The EURNZD forex pair showcases the value of the euro against the New Zealand dollar. Colloquially known as the ‘Euro Kiwi’, it’s one of the most liquid forex currency pairs involving the New Zealand dollar. That’s because the European Union (EU) is one of New Zealand’s most influential trading partners, aside from its nearest neighbour Australia.
The history of EURNZD dates back to January 1, 1999, when the euro was formally launched as a fiat currency for EU members. The Euro Kiwi is in the category of ‘minor’ forex pairs, simply because it does not include the US dollar.
One of the most influential factors in the movement of EURNZD is the New Zealand economy. As an island nation, it’s no surprise that this country is a net food exporter and is therefore heavily reliant on the output of its agriculture industry, as well as its tourism sector.
In terms of EURNZD history, the long-term trend is that the New Zealand dollar has strengthened against the euro in the last two decades. In December 2008, before the fallout of the global financial crash, one euro was worth $2.48 NZD. Following the global recession, it was worth NZD 1.78 in July 2010.
It reached an all-time low of NZD 1.43 to the euro in March 2015, but the euro appears to have stabilised in recent years. The Covid-19 pandemic resulted in a weakening of the euro against NZD ($1.66 in March 2021), but the potential of a recession in western Europe and rising inflation has caused increased volatility in the EURNZD market. Throughout 2022, the price of EURNZD peaked at as high as NZD 1.77 and as low as NZD 1.57.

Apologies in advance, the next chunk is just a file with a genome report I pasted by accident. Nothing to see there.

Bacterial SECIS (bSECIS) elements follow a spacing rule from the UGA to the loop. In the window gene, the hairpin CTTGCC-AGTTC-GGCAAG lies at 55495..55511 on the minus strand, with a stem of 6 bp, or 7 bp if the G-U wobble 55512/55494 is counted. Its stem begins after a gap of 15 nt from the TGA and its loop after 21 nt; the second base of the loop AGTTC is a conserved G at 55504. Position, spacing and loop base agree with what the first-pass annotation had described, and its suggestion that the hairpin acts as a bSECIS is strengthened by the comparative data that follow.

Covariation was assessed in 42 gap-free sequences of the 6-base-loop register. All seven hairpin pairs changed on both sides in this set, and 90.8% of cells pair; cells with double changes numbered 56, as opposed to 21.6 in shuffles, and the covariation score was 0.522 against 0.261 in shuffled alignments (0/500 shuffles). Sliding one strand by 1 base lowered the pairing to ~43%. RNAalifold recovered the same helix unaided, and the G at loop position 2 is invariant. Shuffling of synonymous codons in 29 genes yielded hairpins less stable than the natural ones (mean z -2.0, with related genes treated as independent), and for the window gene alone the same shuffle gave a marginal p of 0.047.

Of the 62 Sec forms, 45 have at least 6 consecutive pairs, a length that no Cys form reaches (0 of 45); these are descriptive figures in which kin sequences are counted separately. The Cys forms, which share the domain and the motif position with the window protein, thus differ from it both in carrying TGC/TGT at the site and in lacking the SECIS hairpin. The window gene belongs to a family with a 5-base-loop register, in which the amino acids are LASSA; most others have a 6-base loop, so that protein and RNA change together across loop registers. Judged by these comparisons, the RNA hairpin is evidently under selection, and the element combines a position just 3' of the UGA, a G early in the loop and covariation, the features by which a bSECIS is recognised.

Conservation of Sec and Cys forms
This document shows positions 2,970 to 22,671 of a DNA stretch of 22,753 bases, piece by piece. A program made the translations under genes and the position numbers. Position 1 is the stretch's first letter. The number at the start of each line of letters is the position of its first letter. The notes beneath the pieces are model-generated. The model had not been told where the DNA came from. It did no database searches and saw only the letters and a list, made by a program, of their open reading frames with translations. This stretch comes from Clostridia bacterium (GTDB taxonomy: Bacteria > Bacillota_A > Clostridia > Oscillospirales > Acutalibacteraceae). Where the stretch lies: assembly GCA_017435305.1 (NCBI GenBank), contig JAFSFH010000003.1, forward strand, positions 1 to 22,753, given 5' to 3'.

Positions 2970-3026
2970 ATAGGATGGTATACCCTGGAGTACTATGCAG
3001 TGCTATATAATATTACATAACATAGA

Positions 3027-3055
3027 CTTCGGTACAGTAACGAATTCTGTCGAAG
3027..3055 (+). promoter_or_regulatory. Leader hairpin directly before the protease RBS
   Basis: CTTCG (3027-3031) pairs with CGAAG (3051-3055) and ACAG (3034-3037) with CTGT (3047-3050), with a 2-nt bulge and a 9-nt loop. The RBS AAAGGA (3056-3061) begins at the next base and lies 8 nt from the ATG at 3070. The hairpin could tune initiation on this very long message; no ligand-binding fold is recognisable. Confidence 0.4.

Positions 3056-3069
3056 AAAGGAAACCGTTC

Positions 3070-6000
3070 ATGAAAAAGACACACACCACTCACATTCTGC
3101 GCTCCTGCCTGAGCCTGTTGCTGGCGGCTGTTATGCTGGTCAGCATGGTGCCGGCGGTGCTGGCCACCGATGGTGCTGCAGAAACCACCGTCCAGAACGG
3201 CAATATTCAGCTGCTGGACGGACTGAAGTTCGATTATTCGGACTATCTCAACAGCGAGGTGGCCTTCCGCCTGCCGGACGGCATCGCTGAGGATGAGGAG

When it comes to the forex markets, more people typically trade forex pairs than buy and exchange physical fiat currencies like the euro and New Zealand dollar. The commission costs involved with exchanging fiat currency often make this prohibitive. Let’s say that the NZD has strengthened against the dollar from $1.70 to $1.65.
This means you’ve got a $0.05 profit for every euro you own. However, it's hard to find currency exchange operators that take the pure market value. They will often add their own profit margin on top for operating their service, eroding into your overall profit.
By trading the price of a forex pair like the EURNZD, you can simply speculate on the rise and fall of the NZD against the euro. Using a contract for difference (CFD) broker, it’s possible to take long (buy) and short (sell) positions on the Euro Kiwi and turn a profit if the price moves above the entry of your long position or below the entry of your short position.
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* The spreads provided are a reflection of the time-weighted average. Though Skilling attempts to provide competitive spreads during all trading hours, clients should note that these may vary and are susceptible to underlying market conditions. The above is provided for indicative purposes only. Clients are advised to check important news announcements on our Economic Calendar, which may result in the widening of spreads, amongst other instances.
The above spreads are applicable under normal trading conditions. Skilling has the right to amend the above spreads according to market conditions as per the 'Terms and Conditions'.
Why Trade [[data.name]]
Make the most of price fluctuations - no matter what direction the price swings and with low capital investment.